VCs often use the shorthand phrase “two and twenty” to refer to the 2% of annual management fees a venture fund might take and the 20% carried interest (or “performance fee”) it would charge. In a nutshell: If a venture fund turns a $100 million profit from its investments, the fund gets to keep $20 million of that, and the remaining $80 million is paid out to the limited partners.
The “2 and 20” fee structure was originally associated with hedge funds, but VC firms and other investment funds use it as well. The structure breaks down into two types of fees: a management fee and a performance fee.
The management fee is a yearly charge calculated based on the total assets under management (AUM). Typically, the management fee is 2% of AUM, but new data from Carta shows that the 2% figure isn’t as universal as you might have been led to believe.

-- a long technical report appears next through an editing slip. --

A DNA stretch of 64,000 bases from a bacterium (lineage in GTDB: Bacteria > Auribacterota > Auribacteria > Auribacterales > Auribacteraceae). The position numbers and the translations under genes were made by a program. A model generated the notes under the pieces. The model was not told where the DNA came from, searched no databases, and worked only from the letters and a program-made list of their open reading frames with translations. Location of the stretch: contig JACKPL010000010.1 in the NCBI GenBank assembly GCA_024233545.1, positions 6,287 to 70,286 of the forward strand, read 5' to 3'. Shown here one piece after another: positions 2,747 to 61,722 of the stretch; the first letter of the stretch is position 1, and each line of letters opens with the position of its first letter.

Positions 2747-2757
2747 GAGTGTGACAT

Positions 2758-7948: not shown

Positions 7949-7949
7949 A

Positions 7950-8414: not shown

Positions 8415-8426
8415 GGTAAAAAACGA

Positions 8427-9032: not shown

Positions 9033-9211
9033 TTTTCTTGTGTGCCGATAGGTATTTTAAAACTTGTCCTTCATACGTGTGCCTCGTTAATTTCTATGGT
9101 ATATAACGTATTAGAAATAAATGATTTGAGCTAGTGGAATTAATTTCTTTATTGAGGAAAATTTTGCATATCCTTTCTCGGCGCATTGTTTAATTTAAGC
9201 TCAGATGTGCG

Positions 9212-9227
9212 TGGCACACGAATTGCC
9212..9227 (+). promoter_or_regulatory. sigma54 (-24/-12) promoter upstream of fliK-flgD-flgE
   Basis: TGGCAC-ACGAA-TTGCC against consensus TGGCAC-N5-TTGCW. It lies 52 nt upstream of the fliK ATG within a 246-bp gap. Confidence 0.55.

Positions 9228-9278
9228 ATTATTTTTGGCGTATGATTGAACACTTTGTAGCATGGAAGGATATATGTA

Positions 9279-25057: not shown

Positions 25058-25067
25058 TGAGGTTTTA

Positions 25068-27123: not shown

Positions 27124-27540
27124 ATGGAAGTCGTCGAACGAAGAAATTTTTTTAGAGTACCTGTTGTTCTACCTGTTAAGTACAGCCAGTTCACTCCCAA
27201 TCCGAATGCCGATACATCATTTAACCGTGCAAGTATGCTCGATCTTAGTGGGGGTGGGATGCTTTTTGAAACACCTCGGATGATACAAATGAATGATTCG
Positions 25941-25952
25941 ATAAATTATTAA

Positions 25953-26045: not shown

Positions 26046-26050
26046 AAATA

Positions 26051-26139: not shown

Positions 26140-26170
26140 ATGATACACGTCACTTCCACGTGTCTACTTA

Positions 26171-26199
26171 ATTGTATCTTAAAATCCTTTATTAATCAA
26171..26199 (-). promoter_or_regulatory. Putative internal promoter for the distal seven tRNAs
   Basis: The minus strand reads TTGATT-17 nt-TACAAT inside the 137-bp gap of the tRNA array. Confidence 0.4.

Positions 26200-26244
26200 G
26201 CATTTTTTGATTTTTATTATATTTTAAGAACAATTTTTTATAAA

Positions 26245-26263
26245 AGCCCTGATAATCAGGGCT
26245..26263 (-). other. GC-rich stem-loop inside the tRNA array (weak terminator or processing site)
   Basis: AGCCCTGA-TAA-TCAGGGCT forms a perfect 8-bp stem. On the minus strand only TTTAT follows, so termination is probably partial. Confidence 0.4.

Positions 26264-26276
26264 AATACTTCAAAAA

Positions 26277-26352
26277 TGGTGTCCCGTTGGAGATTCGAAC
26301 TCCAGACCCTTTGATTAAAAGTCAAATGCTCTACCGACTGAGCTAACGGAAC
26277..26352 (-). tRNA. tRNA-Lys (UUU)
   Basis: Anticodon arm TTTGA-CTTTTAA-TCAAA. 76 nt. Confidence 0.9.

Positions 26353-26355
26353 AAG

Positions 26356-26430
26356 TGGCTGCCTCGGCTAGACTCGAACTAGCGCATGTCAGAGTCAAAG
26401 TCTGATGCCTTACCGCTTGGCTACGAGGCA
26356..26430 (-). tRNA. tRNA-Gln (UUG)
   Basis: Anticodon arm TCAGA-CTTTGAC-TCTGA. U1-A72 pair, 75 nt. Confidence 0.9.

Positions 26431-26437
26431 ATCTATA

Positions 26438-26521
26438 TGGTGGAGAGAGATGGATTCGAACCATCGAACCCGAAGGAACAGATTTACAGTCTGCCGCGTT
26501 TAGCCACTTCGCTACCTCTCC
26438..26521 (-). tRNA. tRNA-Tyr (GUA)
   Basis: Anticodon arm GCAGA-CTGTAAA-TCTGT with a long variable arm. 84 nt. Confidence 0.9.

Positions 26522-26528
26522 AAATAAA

First, it’s useful to understand what the management fee is for. Basically, it compensates the fund managers, regardless of the fund’s performance. So a VC firm that charges a 2% fee for managing a $100 million fund will receive $2 million per year to cover rent, staff costs, marketing, travel and, well, everything else.